Leave to care: a first step to a fair system?

Overdue recognition – but the proposals come with limitations

Our social care system is a leaky bucket. It costs taxpayers billions of pounds, much of which ends up in the pocket of private investors. Meanwhile half a million vulnerable over-80s receive no social care support, despite struggling to shower or even get dressed in the morning.

So it’s right that social care has been given so much attention in manifestos this week. Here we look at one of the proposals in the Conservative manifesto – giving people the right to a year of unpaid leave to care for a relative.

This proposal marks a long overdue recognition of the scale of unpaid caring for other adults. It may allow more people to stay in their own homes, reducing demand on hospitals and helping those in need of care retain some level of independence.

But the measure is limited – both in terms of time covered, and in failing to address the question of who should ultimately pay for Britain’s social care.

Lower salary families may struggle to make ends meet if one parent took up the proposed care leave”

The table below sketches out some examples of how some families’ incomes may be affected if they took up a year of unpaid care leave, including estimating the benefits they might be entitled to under the current system[footnote]Assuming: renters without children live pay the median rent for a one bed flat, as recorded in 2015 – 2016 Valuation Office Agency data; renters with children pay median rent for a two bed flat; renters are entitled to the median level of local housing allowance for the corresponding bedroom size; mortgaged owners have the median housing cost paid by their family type, as calculated from the Households Below Average Income 2015 – 16 survey; council tax is the average per dwelling for 2016; the household has no savings that may affect benefits; children are 10 and 12 and the household has no childcare costs. Benefits calculated using the Turn2Us website[/​footnote].

It looks at couples with and without children, where one person has taken leave to care for someone outside the household and one is working full-time. It assumes that the person caring can get Carer’s Allowance without affecting the benefits of the person they’re looking after.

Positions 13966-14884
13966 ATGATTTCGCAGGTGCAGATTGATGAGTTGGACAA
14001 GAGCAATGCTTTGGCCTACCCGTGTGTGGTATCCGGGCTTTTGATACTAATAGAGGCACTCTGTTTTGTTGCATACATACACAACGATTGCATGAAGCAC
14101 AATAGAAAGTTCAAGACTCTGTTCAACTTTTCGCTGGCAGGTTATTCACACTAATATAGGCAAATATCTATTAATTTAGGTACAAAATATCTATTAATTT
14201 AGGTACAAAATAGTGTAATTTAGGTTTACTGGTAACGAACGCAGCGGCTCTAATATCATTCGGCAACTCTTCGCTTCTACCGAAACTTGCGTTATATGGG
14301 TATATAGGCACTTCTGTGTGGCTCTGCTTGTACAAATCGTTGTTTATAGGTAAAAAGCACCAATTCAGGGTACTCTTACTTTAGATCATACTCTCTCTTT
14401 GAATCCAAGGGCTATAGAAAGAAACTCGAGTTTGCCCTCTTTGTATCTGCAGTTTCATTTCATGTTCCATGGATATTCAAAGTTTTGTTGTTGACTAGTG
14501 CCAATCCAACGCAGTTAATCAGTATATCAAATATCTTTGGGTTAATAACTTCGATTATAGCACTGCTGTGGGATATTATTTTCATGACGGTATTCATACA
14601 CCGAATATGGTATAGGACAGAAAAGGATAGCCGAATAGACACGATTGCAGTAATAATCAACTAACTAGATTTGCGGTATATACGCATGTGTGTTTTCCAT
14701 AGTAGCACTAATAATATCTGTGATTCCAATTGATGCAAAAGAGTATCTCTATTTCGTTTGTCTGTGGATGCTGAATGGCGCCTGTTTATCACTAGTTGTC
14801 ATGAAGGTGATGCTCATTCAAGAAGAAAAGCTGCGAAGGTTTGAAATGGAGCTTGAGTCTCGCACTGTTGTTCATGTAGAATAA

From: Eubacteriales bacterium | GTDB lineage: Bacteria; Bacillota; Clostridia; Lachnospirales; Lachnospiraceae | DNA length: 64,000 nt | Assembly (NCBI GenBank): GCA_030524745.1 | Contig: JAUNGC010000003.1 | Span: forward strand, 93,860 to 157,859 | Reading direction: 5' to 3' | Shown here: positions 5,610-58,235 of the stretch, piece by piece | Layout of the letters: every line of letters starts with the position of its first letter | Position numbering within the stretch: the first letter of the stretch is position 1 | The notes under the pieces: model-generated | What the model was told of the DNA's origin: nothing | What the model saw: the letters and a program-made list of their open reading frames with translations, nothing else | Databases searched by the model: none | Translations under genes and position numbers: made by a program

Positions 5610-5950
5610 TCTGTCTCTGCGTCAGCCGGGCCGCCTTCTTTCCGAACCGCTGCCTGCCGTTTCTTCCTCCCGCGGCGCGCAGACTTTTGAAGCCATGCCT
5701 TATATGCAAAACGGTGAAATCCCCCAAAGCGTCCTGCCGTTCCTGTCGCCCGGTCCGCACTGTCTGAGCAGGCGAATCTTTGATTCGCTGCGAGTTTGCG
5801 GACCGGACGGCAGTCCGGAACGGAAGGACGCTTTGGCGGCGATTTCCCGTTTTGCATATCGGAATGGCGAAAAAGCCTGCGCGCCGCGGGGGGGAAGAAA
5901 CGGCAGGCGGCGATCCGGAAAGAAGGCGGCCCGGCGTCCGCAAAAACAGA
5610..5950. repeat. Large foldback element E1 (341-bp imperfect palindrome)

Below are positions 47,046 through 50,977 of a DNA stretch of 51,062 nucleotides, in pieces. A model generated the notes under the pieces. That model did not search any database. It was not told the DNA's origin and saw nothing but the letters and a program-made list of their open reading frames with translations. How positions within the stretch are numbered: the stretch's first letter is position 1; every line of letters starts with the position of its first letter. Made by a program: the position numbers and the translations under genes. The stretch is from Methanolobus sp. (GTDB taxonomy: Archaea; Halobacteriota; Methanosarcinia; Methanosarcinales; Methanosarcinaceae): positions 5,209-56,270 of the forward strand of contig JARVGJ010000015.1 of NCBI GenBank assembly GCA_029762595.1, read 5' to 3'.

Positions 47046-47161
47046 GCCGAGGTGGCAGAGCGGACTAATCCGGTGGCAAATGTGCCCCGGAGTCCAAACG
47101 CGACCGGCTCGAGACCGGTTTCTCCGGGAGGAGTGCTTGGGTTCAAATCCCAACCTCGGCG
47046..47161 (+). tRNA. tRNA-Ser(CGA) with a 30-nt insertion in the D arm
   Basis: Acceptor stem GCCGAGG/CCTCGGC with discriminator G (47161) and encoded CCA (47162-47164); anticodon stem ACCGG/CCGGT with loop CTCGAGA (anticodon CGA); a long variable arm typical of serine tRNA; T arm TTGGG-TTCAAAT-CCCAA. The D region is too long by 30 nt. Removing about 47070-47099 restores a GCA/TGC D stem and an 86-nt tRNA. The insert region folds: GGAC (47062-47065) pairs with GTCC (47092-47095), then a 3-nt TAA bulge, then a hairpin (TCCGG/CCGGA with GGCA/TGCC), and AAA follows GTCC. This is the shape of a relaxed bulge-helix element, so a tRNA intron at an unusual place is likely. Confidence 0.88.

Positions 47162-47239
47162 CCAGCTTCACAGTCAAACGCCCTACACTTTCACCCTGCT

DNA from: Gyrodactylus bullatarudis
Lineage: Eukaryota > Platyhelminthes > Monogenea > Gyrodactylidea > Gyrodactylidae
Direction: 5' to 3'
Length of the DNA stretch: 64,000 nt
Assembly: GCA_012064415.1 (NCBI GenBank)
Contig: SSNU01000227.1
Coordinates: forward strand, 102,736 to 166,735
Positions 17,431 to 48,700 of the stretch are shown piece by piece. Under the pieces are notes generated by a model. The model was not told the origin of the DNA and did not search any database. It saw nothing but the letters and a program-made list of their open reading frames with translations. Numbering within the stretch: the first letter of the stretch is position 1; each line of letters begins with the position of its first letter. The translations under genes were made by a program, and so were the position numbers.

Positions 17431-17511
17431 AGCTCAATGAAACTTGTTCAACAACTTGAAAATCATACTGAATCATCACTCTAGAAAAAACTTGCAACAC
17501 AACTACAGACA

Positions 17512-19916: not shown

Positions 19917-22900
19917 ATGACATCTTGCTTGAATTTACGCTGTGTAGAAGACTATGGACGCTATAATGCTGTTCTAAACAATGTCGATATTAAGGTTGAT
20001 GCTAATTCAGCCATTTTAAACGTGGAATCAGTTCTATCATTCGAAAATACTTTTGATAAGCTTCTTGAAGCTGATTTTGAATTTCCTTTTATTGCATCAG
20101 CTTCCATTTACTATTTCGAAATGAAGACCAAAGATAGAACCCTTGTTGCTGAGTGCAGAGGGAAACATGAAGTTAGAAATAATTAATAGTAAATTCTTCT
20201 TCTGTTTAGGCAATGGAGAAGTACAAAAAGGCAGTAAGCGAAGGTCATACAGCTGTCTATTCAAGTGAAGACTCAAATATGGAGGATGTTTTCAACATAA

It shows that for the most part, lower salary families[footnote]Defined as one parent earning the lower quartile full-time salary recorded in the 2015 – 16 Annual Survey of Hours and Earnings[/footnote] may struggle to make ends meet if one parent took up the proposed care leave, shown by comparing their weekly income with the Joseph Rowntree Foundation’s Minimum Income Standard[footnote]This is the weekly amount needed to pay for necessities, as decided through research with members of the public conducted by Loughborough and York Universities. Customised amounts were calculated to correspond to the housing costs and council tax assumed in the benefit calculation. More details[/​footnote].

If they have savings, they may dip into them or they may end up taking on debt to plug the gap. Renters may also find it harder than those who own their home with a mortgage due to their higher housing costs.

Middle earning families[footnote]Defined as one parent earning the median full-time salary recorded in the 2015 – 16 Annual Survey of Hours and Earnings[/footnote] may be able to absorb the hit to their finances more easily but those with two children could also struggle to get by.

Figure 1: Changes to family income through year of unpaid leave

This raises questions about our squeezed welfare system’s ability to support lower income families take up this offer. Granting a year off to care for an elderly relative could be the first step towards a care system that genuinely empowers people to make the life choices that suit them. But the devil will be in the detail.

Social care is not a question we can afford to dodge. It is right to treat the issue of our ageing society with the seriousness it deserves. We need long-term solutions that recognise the huge contributions of Britain’s paid and unpaid carers, and give people real control over their futures. A year of care leave is only a small step towards that goal. But at least it is a step in the right direction.

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